Election Violence

According to Associated Press, acts of violence are unusual in election campaigns in Taiwan, which began a gradual transition from one-party dictatorship to fully functioning democracy in the late 1980s. Violence carried out by Taiwan’s gangs is also limited, though the gangs themselves exercise considerable political influence, particularly on Taiwanese county governments.

Taiwanese election campaigns were described as long, freewheeling affairs. Presidential campaigns have lasted for six months and have been characterized by personal attacks, dirty tricks, accusations of bribery and corruption, bitter television debates, extreme views and even claims of fake assassination attempts. Vans with loudspeakers blast slogans and songs. Candidates hit temples and shopping centers to shake hands and seek votes. In the past there have been bombings.

In 2004, one month after election, about 300,000 people protested against the election result, as well as demanding an independent inquiry into an election-eve assassination attempt on Chen Shui-bian, Taiwan leader. The opposition supporters suspected was part of a conspiracy staged to win sympathy votes. The violent crackdown erupted causing nearly 100 people injured and a dozen arrested. The protest was initiated by allies of the Kuomintang (KMT) and the People First Party (PFP). The two parties have jointly raced against the Democratic Progressive Party during the election.

Before 2010 Elections, there was one violent incident that Lien Sheng-wen, a KMT politician also known as Sean Lien, was shot in the face as he spoke at a suburban Taipei rally in support of a Kuomintang candidate for city council. His father, Lien Chan, widely reported to be one of Taiwan’s wealthiest people, was Taiwan’s Vice-President from 1996 to 2000 and the party’s losing Presidential candidate in 2004. The motive for the shooting on Friday was unknown. The Associated Press quoted a Taiwan television report as saying that a suspect apprehended by the police was nicknamed ‘horse face,’ suggesting a link to Taiwan criminal gangs.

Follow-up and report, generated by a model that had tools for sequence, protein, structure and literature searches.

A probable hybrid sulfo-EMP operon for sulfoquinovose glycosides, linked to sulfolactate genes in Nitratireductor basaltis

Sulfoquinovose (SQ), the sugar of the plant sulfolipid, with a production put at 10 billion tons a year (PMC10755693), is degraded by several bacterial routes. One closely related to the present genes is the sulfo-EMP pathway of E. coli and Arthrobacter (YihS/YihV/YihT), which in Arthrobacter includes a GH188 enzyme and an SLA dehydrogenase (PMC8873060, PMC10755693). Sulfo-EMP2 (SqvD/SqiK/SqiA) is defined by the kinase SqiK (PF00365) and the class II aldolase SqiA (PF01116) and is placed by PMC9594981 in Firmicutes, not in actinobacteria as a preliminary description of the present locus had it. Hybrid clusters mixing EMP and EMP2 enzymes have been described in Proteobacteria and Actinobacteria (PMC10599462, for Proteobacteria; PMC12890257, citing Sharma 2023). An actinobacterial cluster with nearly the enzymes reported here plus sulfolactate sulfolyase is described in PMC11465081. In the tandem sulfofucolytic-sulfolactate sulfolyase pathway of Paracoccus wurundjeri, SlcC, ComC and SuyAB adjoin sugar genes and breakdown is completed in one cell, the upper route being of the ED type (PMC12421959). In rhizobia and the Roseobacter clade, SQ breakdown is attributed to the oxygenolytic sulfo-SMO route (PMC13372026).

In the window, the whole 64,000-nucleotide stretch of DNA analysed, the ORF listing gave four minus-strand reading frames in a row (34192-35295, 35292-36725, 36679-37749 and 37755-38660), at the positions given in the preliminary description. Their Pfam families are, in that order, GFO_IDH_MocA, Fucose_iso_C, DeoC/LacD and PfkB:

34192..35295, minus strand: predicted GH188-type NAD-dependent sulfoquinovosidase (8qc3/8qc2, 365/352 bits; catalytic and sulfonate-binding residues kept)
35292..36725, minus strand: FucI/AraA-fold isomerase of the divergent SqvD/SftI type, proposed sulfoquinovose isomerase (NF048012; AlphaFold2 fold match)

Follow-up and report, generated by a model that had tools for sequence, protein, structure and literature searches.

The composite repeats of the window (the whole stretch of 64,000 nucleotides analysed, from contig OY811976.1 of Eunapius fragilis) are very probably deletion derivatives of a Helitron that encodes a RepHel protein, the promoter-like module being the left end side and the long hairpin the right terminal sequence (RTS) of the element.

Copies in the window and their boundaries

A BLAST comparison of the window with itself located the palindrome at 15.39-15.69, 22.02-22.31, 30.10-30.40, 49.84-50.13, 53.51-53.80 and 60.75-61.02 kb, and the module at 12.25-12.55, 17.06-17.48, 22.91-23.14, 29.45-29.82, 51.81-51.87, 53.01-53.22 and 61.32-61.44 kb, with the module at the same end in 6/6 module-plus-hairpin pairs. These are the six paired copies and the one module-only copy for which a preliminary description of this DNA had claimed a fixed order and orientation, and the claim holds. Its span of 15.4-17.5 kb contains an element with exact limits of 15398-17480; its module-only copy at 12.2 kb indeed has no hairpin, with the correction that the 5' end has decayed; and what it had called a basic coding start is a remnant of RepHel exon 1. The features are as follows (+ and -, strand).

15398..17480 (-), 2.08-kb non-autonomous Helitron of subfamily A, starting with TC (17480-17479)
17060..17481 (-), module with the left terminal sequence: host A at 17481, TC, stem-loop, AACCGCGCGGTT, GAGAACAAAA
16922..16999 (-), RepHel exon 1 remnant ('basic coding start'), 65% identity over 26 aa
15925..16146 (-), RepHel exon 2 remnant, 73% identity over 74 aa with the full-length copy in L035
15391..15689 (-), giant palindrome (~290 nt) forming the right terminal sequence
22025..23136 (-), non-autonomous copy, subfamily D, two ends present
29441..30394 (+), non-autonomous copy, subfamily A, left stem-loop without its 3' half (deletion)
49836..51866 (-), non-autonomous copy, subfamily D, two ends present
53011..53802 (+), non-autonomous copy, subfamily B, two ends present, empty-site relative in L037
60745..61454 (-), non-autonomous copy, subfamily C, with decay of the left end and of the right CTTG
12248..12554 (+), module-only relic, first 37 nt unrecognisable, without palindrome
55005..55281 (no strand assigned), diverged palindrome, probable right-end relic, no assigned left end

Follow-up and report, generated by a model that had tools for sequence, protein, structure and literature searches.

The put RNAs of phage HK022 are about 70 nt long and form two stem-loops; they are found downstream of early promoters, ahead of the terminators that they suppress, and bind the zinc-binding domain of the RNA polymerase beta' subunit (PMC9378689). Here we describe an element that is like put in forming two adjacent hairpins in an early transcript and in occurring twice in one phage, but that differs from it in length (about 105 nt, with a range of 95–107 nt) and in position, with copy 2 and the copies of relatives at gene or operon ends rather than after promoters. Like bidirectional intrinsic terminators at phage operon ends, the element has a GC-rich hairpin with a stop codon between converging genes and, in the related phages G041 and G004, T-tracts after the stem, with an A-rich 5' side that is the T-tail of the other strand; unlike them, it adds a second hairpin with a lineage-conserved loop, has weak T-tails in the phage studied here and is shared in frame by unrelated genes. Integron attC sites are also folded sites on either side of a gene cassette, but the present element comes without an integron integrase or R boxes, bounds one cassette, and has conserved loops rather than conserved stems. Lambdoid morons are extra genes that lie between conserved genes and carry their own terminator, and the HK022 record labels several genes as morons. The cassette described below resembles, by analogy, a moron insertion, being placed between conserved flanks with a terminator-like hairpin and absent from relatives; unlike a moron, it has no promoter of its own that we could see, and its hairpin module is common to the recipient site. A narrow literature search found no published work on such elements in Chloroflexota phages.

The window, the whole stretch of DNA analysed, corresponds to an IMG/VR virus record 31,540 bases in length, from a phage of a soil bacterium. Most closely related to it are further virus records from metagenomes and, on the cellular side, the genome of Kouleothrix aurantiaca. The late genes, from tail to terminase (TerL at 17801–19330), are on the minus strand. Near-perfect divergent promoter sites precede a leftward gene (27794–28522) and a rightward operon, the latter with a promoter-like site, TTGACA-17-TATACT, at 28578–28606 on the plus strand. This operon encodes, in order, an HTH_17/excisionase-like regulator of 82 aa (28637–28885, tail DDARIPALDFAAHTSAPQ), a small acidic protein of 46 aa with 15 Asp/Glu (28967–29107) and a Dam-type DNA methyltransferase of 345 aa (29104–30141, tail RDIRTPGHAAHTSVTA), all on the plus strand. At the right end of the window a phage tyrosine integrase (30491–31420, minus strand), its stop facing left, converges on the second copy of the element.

The shooting had a number of bizarre aspects, even by the standards of Taiwanese politics, which for many years featured physical brawls between members of opposing political parties on the floor of Taiwan’s Legislature. Perhaps the strangest was that the gunman, who was arrested at the scene and quickly identified as local gangster Lin “Horse Face” Cheng-wei, claimed that he had not even intended to shoot Lien. According to Lin, the actual target was another man, identified as municipal council candidate Chen Hung-yuan.

The Taipei Times reported: Sean Lien was shot in the face when campaigning for a KMT Sinbei councilor candidate in Yonghe, Taipei County. He was rushed to the hospital and survived the accident. It is believed that the incident help prompted some swing voters with pan-blue leaning to give their votes to the KMT candidates, especially in Taipei City and Sinbei City, where the candidates from the two parties were fighting a neck-to-neck battle. Political analyst Ku Chung-hwa of National Chengchi University said the accident helped Taipei Mayor Hau Lung-bin and Sinbei mayor-elect Eric Chu win the battles against strong rivals, DPP Taipei mayoral candidate Su Tseng-chang and DPP Sinbei candidate Tsai Ing-wen, who threatened the KMT candidates throughout the election campaign with high support rates.

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